This section is from the book "Safe Building", by Louis De Coppet Berg. Also available from Amazon: Code Check: An Illustrated Guide to Building a Safe House.
Vertical, or nearly vertical cracks (as C, Fig. 128) are not objectionable, and do not weaken the timber. But horizontal cracks (as D, Fig. 129), are decidedly so, and should not be allowed.
Knots in timber are another element of weakness. They are the hearts, where branches grow out of the trunk. If they are of nearly the same color as the wood, and their rings gradually die out into it, they need not be seriously feared. If, however, they are very dark or black, they are sure to shrink and fall out in time, leaving, of course, a hole and weakness at that place. Dead knots, - that is, loose knots, - in a piece of timber, mean, as a rule, that the heart is decaying. Knots should be avoided at the centre of a beam, regularly loaded, and at the point of greatest bending moment, where the loads are irregular. The farther the knots (and cracks) are from these points the better.
Timber with "wind-shakes" should be entirely avoided, as it has no strength. These are caused by the wind shaking tall trees, loosening the rings from each other, so that when the timber is sawed, the wood is full of small, almost separate pieces or splinters at these points.
A timber with wind-shakes should be condemned as unsound.
A timber with the rings at the end showing nearly vertical (E Fig. 130) will be much stronger than one showing them nearly horizontal. (F Fig. 131.)
To tell sound timber, Lord Bacon recommended to speak through it to a friend from end to end. If the voice is distinctly heard at the other end it is sound. If the voice comes abruptly or indistinctly it is knotty, imperfect at the heart, or decayed. More recent authorities recommend listening to the ticking of a watch at the other end, or the scratching of a pin on its surface. If, in sawing across a piece it makes a clean cut, it is neither too green nor decayed. The same if the section looks bright and smells sweet. If the section is soft or splinters up badly it is decayed. If it wets the saw it is full of sap and green. If a blow on timber rings out clearly it is sound; if it sounds soft, subdued, or dull, it is very green or else decayed. The color at freshly-sawed spots should be uniform throughout; timbers of darker cross-section are generally stronger than those of lighter color (of the same kind of wood.)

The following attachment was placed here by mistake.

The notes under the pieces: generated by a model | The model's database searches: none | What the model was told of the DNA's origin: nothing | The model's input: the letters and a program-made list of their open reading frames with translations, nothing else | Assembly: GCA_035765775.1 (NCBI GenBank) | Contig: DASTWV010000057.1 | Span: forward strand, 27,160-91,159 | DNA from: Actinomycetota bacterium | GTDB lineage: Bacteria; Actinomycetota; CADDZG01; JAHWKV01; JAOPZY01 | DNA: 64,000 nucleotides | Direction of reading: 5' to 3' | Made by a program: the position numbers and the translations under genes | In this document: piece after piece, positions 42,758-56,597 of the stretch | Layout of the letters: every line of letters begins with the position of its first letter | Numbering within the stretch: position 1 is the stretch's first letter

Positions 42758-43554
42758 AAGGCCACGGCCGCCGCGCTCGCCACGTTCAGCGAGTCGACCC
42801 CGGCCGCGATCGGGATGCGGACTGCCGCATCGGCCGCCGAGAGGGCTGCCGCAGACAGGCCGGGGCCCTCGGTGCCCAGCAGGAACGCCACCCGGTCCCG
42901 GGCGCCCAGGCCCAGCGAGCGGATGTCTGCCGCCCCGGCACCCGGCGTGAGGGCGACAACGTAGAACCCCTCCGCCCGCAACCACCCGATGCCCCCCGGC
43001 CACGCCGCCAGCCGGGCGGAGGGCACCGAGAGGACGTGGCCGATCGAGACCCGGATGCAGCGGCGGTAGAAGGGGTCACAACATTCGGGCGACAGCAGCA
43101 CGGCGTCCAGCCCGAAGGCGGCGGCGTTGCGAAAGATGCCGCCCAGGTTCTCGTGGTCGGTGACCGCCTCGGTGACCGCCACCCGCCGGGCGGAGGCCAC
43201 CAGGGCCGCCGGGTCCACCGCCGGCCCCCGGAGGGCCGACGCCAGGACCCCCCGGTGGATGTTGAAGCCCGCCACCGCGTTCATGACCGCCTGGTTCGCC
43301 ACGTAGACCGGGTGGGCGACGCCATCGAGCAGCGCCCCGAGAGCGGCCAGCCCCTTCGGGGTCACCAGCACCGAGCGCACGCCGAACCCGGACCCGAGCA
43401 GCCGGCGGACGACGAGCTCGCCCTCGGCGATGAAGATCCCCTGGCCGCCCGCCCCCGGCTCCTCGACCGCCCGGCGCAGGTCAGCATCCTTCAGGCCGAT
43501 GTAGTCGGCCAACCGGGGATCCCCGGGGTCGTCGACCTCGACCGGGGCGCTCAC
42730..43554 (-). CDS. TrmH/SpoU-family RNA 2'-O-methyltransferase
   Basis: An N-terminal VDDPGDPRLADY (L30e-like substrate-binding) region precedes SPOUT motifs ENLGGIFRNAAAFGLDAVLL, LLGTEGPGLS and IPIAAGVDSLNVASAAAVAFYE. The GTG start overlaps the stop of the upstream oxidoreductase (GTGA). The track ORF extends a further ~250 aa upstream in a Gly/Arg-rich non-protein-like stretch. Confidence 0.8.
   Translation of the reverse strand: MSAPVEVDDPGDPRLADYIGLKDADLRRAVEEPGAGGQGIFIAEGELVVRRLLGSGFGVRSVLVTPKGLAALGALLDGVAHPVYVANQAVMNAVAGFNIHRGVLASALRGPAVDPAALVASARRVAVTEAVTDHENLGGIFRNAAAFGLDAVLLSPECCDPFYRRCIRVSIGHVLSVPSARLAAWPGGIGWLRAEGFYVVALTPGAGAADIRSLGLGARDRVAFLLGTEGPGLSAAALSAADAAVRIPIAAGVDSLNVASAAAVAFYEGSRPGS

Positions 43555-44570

The annular rings should be perfectly regular. The closer they are, the stronger the wood. Their direction should be parallel to the axis throughout the length of the timber, or it will surely twist in time, and is, besides, much weaker. Where the rings at both ends are not in the same direction the timber has either twisted in growing, or has a "wandering heart," - that is, a crooked one. Such timber should be condemned. Besides looking; at the rings at the end, a longitudinal cut near the heart will show whether it has grown regularly and straight, or whether it has twisted or wandered.
The weight of timber is important in judging its quality. If specimens of a wood are much heavier than the well-known weight of that wood, when seasoned, they may he condemned as green and full of sap. If they are much lighter than thoroughly seasoned specimens of the same wood, they are very probably decayed.
Tredgold claims that timber is "seasoned" when it has lost one-fifth of its original weight (when green); and " dry " when it has lost one-third. Some timbers, however, lose nearly one-half of their original weight in drying. Many methods are used to season or dry timber quickly.
The best method, however, is to stack the timber on dry ground (in as dry an atmosphere as possible) and in such a position that the air can circulate, as freely as possible around each piece. Sheds are built over the timber to protect it from the sun, rain, and also from severe winds as far as possible.
Timber dried slowly, in this manner, is the best. It will crack somewhat, but not so much so as hastily dried timber. Many processes are used to keep it from cracking, the most effective being to bore the timber from end to end, at the centre, where the loss of material does not weaken it much, while the hole greatly relieves the strain from shrinkage. Some authorities claim that two years' exposure is sufficient, though formerly timber was kept very much longer. But even two years is rarely granted with our modern conditions, and most of the seasoning is done after the timber is in the building. Hence its frequent decay. There are many artificial methods for drying timber, but they are expensive. The best known is to place it in a kiln and force a rapid current of heated air past it, this is known as " kiln-drying." It is very apt to badly " check " or crack the wood. To preserve timber, besides charring, the "creo-soting" process is most effective. The timber is placed in an iron chamber, from which the air is exhausted; after which creosote is forced in under a high pressure, filling, of course, all the pores which have been forced open by the suction of the departing air. Creo-soted wood, however, cannot be used in dwellings, as the least application of warmed air to it, causes a strong odor, and would render the building untenantable.
Methods of Seasoning.